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At 16, Justine is a brilliant, promising student and a strict vegetarian. But when she starts veterinary school, she quickly encounters a decadent, merciless and dangerously seductive world. Desperate to fit in during the first week of hazing rituals, she strays from her principles and eats raw meat for the first time and faces the terrible and unexpected consequences of her actions as her true self emerges.
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Justine, a lifelong vegetarian, goes to veterinary school where her sister already attends. She complies with her parents wishes in all things, shown when she refuses to eat when accidentally given meat. Her mother's reaction is way over the top as she berates the server who gave it to her. Justine dresses conservatively in clothing that makes her look much younger. She is woefully unprepared for the school's hazing and party atmosphere which hits her like a freight train. The very first night, students are dragged out of their beds and forced to party for hours while the elders trash their rooms and party even harder. It's the first time Justine has had so much freedom plus access to alcohol, drugs, and sex. Her initial reaction is confusion and withdrawal. She reconnects with her sister Alexia and avoids the rest of the party.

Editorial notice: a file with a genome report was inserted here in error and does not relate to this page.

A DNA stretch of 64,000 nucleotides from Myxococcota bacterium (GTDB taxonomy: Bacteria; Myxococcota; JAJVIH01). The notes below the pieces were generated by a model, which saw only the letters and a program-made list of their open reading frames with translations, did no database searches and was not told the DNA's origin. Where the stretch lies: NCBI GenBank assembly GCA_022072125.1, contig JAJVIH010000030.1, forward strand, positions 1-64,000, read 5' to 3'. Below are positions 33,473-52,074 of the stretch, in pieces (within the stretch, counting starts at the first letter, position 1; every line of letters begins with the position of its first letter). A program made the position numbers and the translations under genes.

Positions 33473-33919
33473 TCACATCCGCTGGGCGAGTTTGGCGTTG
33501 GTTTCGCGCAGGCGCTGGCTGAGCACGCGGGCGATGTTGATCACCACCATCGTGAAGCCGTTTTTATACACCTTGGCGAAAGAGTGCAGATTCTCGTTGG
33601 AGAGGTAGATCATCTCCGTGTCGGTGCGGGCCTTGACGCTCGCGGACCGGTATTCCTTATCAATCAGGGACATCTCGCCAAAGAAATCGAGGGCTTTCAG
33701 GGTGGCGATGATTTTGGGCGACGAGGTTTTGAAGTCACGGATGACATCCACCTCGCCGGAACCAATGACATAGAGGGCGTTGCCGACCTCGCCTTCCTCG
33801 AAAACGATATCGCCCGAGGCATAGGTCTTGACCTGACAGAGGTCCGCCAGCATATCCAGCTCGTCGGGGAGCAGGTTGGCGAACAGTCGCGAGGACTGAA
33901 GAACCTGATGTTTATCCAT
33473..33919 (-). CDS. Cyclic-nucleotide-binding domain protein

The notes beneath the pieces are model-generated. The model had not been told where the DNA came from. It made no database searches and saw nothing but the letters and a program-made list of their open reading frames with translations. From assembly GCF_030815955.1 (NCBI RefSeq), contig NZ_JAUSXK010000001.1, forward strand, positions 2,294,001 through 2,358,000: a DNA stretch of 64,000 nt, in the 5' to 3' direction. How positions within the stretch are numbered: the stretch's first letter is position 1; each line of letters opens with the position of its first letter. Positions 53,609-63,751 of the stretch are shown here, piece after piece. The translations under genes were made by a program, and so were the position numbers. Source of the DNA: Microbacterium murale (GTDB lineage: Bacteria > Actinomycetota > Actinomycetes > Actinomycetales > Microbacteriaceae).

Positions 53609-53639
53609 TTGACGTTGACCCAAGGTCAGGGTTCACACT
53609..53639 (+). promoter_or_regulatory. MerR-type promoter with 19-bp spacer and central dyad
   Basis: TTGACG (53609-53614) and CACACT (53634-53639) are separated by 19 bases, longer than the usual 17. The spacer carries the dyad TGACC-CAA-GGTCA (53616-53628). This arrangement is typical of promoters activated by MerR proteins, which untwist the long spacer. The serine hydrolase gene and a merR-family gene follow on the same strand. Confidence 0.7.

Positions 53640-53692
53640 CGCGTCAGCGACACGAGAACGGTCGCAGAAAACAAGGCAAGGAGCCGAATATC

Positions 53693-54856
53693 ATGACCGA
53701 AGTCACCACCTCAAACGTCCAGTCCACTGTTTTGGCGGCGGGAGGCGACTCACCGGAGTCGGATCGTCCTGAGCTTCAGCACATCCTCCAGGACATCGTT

In one of many hazing rituals, Justine eats a piece of rabbit kidney, pressured by her Alexia after refusing. Despite the fact that she threw up just after she ate the kidney, the effects of the meat wreak havoc on Justine's body in the form of itchy, huge rashes that she scratches until they bleed. When she's treated for the rash and it finally goes away, she find herself craving meat. It starts out as attempting (and failing) to steal a hamburger patty from the cafeteria and then eating schwarma at a gas station, away from the prying eyes of classmates with her friend Adrien. It seems fairly normal for a person to push the boundaries past what they were allowed at home and explore other choices not endorsed by parents. But then she escalates to secretly eating raw chicken and finally eating human meat.